Fox, CBS and NBC rotate the Super Bowl broadcast yearly as part of their rights deal with the NFL, which expires in 2022. By 2030, maybe Amazon will stream the game, a step up from its current Thursday Night Football casts.
Instead, maybe an aggressive upstart like DAZN will nab rights, or NBC will take the game to its digital platform, Peacock. Or Locast will be legalized, and everyone will ditch their antennas in favor of IP-delivered broadcast TV, the same way they’ve ditched their cable boxes for Netflix and Hulu.
Crowds, whether at home or in bars, will still gather around the big screen, says Jesse Redniss, general manager of WarnerMedia’s Innovation Lab. But in 10 years, broadcast TV will be streamed.
“Ten years from now, everything is going to be IP-delivered,” says Redniss.
Live events, especially sports, have been the one thing keeping the traditional TV business afloat amid disruption from streaming services. Brian Ring, principal analyst at Ring Digital, says in 10 years streaming services should have the technical ability to host 100 million Super Bowl viewers at once, but the NFL would only consider a streamer as a serious partner if it has significant scale.
“I would not be surprised to see a free streaming footprint that almost matches an [over-the-air] footprint,” says Ring.
Streaming the Super Bowl is becoming increasingly popular. In 2019, 98.2 people watched the game the old fashioned way, according to Nielsen. But the average minute audience, which accounts for streaming, came in at an additional 2.6 million viewers, up 31% from the year prior.
You’ve finished reminiscing about the days when you paid upwards of $100 on your cable bill, the game chugs along and now it’s time for the first commercial break.
All the talks of addressable TV advertising don’t make its way to the Super Bowl, where advertisers still value the mass reach, water-cooler effect the game offers. Instead, they take to the second screen to target you.
“We can have mass reach within TV, but most people have their phone with them where we could target them,” says Mary Ann Reilly, senior vice-president, head of North America marketing at Visa.
Enter interactivity
Advertisers will air their big spot to the masses and tag it with a call-to-action asking viewers to stick with the brand on their other devices throughout the game.
“By 10 years, all of these advertisers are going to be experts at navigating people away from the TV and right back into it,” says Ring.
Bloss, 2030’s trendy DTC start-up, just debuted its first TV commercial with a 30-second spot that promises $10 off its eco-friendly chewing gum subscription box service if you play their virtual reality game before the Super Bowl ends.
Luckily your host has a VR headset. You grab it and dive in. After entering all your information (that’s what Bloss is really after, by the way), you virtually chew your way through game and get your prize. The actual game is about to start up again, but you figure you’ll stay within the VR experience for the last few minutes of the quarter.
It’s like sitting in the actual stadium. You’re at the 50 yard line taking in all the sights and sounds. The only thing that doesn’t match are the sponsors. The VR stadium is an addressable medium, so your stadium sponsor is a sneaker brand, while someone else across the country is seeing a soft drink company.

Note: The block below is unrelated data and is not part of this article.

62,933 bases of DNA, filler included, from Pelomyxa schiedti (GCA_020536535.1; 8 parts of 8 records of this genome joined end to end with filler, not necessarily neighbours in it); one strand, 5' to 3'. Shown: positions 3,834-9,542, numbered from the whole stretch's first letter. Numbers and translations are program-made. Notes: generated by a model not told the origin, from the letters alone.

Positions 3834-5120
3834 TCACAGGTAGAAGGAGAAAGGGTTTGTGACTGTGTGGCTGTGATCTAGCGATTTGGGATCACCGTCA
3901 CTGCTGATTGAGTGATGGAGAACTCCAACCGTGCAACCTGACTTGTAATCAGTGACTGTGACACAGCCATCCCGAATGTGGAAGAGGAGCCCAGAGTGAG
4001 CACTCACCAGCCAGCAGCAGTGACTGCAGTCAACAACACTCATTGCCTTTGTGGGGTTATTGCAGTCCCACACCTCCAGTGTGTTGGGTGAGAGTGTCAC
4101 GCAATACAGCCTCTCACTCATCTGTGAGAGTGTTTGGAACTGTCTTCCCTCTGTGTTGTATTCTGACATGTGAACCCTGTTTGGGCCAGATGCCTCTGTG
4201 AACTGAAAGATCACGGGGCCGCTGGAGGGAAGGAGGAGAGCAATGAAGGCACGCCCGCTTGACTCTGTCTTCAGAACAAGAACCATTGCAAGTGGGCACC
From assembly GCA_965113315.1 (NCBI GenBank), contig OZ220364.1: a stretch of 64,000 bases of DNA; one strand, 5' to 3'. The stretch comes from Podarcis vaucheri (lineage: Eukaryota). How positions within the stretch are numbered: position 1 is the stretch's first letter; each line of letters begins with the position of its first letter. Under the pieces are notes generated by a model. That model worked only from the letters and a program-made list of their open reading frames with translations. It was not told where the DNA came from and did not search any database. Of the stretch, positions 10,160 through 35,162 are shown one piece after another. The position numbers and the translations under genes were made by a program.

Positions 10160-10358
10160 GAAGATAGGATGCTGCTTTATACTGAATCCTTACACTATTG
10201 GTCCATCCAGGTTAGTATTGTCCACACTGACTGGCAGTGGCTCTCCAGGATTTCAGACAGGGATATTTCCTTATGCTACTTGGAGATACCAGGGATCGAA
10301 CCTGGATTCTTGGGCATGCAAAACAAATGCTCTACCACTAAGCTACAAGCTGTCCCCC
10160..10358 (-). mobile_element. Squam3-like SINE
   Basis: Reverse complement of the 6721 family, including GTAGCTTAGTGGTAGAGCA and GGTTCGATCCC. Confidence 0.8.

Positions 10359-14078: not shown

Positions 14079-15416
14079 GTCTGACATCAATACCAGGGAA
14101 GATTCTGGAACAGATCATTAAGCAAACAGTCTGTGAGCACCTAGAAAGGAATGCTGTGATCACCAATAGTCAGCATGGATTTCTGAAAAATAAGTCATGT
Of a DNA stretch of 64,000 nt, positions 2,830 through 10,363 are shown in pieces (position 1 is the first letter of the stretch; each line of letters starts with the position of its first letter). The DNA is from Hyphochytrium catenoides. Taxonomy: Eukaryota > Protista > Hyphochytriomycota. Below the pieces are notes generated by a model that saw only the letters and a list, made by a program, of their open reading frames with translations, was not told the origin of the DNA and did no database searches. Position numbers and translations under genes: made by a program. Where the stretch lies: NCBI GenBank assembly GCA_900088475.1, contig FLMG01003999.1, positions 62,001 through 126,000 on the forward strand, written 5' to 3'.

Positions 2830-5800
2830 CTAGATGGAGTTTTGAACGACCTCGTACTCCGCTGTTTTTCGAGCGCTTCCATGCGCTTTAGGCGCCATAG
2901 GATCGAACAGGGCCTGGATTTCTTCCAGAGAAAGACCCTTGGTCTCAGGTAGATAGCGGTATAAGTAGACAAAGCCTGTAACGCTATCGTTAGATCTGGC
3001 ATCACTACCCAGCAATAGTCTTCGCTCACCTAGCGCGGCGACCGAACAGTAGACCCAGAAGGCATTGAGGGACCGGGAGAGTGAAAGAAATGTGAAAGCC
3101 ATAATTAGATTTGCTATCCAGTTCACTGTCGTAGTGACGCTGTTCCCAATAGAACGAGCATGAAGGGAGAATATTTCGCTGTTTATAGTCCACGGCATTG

If you’re lucky enough (and have deep enough wallets) to physically be at the game, your wearable tech will guide your in-stadium experience.
Chris Weil, chief executive officer of Momentum Worldwide, says the low latency of a 5G network will make live events more immersive and interactive.
“Let’s say it’s a Niners/Chiefs rematch in 2030,” says Weil, “and as you enter the stadium, the ‘connected clothing’ you’re wearing ushers you through a personalized brand experience that is catered to you and the team you are supporting.”
Greg Paull, co-founder and principal at consulting firm R3, says this proliferation of technology creates new avenues for brands, and it means fans will engage with the game in personalized environments both in-stadium and out.
But all that new tech-enabled supply could make traditional event and stadium sponsorships less valuable.
“For example, there could be a VR sideline pass that allows you to ‘be’ right on the sideline,” says Paull. “That experience will be owned by a sponsor that is completely different from the sponsor of the event or stadium. In much the way entertainment brand licensing has sliced the same brand into multiple channels for consumption, the same will be true for events.”
Unbound by time slot
You’d like to be around actual people now, so you re-enter reality and pass the headset off to the next person. The game goes on. A touchdown here, a field goal there, and a flag over there for a personal foul that has everyone scratching their head trying to understand the NFL’s latest player-protection rule change.
Now it’s time for the halftime show. A TikTok star, who right now is only in third grade, is about to take center stage. But the youngling has been all over social media with the halftime sponsor promoting the show, giving other brands plenty of opportunities to sneak in.
“The halftime show is no longer bound by time slot,” says Rebecca Paoletti, chief executive officer and co-founder of video agency CakeWorks, referring to social posts from Jennifer Lopez and Shakira that have given the show’s sponsor, Pepsi, an extra boost.
But that proliferation of social content will give other advertisers the chance to organically reach the Super Bowl, and the performer’s, audiences.
“Any brand can comment,” says Paoletti.
New holograms, same brands
Halftime’s over. The game is close, and you’re in a betting mood. You and a group of like-minded spenders head to a different room to watch betting-centric cast of the game.